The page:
Judge allows lawyers to visit 'enemy combatant'
A setback for the Bush administration
From Phil Hirschkorn
NEW YORK (CNN) -- A federal judge Tuesday ordered the government to allow lawyers to meet with alleged "enemy combatant" Jose Padilla, an American citizen accused of being an al Qaeda operative who plotted to detonate a radioactive "dirty bomb" inside the United States.
The decision is a legal setback for the Bush administration, which sought to block Padilla from meeting his defense lawyers under any circumstances, saying national security is more important than a detainee's right to counsel.
U.S. District Judge Michael Mukasey rejected the government's argument in a 35-page decision, ordering the government to permit Padilla's New York-based attorneys to visit the prisoner, who has been held incommunicado in a South Carolina Navy brig since June.
"Absent agreement, the court will impose conditions," Mukasey wrote. "Lest any confusion remain, this is not a suggestion or a request that Padilla be permitted to consult with counsel, and it is certainly not an invitation to conduct further 'dialogue' about whether he is permitted to do so."
Mukasey scheduled a March 27 court session to settle logistical details for the meetings.
He said Padilla "must have the opportunity to present evidence that undermines" the government's accusations stated publicly by Attorney General John Ashcroft, though no formal charges have ever been filed. "The only practicable way to present evidence, if he has any and chooses to do so, is through counsel," the judge said.
Mukasey is the same judge who ruled last December that the president's use of the "enemy combatant" classification is lawful. He also ruled that defense attorneys should be permitted to visit with Padilla, but Deputy Solicitor General Paul Clement and U.S Attorney James Comey asked Mukasey to reconsider that.
"The government's arguments here are permeated with the pinched legalism one usually encounters from non-lawyers," wrote Mukasey, who had signaled his impatience with the government's views at a January hearing.
A Defense Department memorandum opposing attorney-client visits stated that any access to attorneys might compromise Padilla's ongoing interrogation by the military, but Mukasey found holes in the argument.
The head of the Defense Intelligence Agency, Vice Adm. Lowell Jacoby, had said in the memo that attorney access might spoil the "sense of dependency and trust" Padilla may have developed with his interrogators. Jacoby revealed that the interrogators' technique is to create "a relationship in which the subject perceives that he is reliant on his interrogators for his basic needs and desires."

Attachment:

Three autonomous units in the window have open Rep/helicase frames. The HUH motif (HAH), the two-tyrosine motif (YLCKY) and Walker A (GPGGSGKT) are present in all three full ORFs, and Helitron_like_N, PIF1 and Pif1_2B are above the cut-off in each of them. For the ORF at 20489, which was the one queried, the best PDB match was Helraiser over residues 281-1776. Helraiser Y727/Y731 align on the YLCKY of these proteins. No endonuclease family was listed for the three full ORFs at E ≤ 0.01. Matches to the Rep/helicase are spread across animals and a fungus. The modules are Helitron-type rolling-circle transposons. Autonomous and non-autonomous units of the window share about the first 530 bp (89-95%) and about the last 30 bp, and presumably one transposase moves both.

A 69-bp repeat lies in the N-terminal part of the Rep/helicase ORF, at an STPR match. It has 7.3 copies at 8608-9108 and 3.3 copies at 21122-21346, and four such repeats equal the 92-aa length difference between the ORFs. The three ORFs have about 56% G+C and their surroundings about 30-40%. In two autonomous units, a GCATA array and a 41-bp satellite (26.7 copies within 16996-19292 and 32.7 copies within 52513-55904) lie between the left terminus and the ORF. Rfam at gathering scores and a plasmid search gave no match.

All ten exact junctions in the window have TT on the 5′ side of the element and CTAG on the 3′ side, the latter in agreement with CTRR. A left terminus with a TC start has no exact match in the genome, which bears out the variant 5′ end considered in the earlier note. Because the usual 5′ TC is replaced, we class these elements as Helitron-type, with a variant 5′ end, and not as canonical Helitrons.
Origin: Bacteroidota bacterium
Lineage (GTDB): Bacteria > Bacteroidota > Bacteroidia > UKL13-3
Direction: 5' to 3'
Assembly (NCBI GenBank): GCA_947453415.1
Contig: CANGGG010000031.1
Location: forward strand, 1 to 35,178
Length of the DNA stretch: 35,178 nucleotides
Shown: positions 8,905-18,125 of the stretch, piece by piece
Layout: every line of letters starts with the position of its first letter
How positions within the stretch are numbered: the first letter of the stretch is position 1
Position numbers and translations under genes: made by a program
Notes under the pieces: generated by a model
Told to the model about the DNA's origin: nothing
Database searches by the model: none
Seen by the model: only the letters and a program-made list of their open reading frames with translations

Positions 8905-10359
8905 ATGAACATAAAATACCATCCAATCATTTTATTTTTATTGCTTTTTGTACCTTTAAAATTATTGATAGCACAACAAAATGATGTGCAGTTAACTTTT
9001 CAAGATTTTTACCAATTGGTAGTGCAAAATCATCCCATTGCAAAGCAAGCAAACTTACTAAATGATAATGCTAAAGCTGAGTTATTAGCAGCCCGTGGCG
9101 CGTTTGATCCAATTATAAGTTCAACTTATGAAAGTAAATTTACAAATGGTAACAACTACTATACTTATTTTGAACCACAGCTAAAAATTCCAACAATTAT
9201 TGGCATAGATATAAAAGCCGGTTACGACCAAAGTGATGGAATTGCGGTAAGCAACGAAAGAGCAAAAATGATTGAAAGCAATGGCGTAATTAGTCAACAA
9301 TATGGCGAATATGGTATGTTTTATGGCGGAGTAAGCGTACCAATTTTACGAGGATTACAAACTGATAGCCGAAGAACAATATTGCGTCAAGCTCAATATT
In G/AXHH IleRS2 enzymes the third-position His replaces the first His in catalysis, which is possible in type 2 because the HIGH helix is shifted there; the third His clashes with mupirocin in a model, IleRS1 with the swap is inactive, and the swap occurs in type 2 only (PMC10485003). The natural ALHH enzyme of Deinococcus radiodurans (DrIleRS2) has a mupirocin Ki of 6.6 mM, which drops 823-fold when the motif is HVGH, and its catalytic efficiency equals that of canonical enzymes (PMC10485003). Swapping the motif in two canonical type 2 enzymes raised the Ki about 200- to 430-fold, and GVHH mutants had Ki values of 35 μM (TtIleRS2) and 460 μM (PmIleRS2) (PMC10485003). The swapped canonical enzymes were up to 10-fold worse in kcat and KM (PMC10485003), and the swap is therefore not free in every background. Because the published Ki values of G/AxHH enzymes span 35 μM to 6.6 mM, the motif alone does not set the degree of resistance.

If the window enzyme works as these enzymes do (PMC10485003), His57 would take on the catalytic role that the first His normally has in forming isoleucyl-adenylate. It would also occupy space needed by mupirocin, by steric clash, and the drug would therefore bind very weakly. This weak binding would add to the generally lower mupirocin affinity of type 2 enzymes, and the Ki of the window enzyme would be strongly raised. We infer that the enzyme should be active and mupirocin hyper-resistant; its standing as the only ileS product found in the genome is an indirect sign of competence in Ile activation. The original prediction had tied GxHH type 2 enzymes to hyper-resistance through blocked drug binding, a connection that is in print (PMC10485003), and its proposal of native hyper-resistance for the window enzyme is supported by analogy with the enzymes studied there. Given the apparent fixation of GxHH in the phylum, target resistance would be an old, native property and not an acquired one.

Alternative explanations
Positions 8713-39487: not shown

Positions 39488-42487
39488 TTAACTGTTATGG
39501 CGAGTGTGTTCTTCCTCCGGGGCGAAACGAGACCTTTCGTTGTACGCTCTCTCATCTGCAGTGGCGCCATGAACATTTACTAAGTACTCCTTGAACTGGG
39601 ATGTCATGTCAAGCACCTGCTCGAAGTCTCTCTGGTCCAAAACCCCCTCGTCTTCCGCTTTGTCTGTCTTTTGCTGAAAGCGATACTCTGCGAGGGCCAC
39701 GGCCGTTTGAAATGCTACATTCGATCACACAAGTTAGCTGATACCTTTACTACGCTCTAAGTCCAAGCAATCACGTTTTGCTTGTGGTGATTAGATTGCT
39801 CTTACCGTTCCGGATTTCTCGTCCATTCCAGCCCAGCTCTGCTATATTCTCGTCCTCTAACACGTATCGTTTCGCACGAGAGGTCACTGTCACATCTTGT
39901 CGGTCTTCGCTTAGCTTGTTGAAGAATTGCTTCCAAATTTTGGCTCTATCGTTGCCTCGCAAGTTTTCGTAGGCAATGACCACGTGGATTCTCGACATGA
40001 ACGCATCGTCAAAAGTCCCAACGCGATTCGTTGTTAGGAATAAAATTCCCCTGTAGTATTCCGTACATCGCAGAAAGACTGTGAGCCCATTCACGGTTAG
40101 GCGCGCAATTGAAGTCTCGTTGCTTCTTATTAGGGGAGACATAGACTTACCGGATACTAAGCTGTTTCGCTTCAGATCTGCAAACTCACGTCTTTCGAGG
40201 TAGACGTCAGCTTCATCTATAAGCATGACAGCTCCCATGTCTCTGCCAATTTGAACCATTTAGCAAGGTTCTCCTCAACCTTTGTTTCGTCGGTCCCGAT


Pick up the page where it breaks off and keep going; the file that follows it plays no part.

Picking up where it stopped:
Mukasey said the Jacoby memo omitted, even in a classified form, the substance of Padilla's interrogation and labeled as "speculative" the forecast that interrupting Padilla's interrogation might spoil it.
"He might then seek to better his lot by cooperating with his captors," Mukasey wrote, suggesting an alternate scenario.
The government also contended that Padilla, despite 10 months in captivity since his initial arrest, could provide useful information about future al Qaeda plots to attack the United States and its interests overseas or about the terrorist organization's recruitment, training, structure, operations, and operatives at large.
Defense attorneys Donna Newman and Andrew Patel have called the government's valuation of Padilla as an intelligence source "disingenuous conjecture."
They could not be immediately reached for comment.
A spokesman for Comey said prosecutors were reviewing the Mukasey decision and could not say whether the government would appeal.
The FBI initially detained Padilla, 31, last May 8 as he arrived at Chicago's O'Hare International Airport from overseas, under suspicion that he was plotting to steal radioactive material to detonate a so-called "dirty bomb" -- a conventional explosive laced with radioactive material -- possibly in Washington, D.C.
A key tip about Padilla came from early interrogations of top al Qaeda lieutenant Abu Zubaydah, officials said.
Mukasey himself signed the material witness warrant used to hold Padilla. Bush declared Padilla an enemy combatant after he was jailed for a month, transferring him from Justice Department to Defense Department custody before he was formally charged with any crime.
"At a minimum, had the government permitted Padilla to consult with counsel at the outset, this matter would have long since been decided in this court," Mukasey wrote.
Padilla, born in Brooklyn and raised in Chicago, has served prison time for a juvenile murder in Illinois and for a gun possession in Florida. He converted to Islam in prison and took the name Abdullah al Muhajir when he lived in Egypt. He has also spent time in Saudi Arabia, Pakistan, and Afghanistan, according to the government.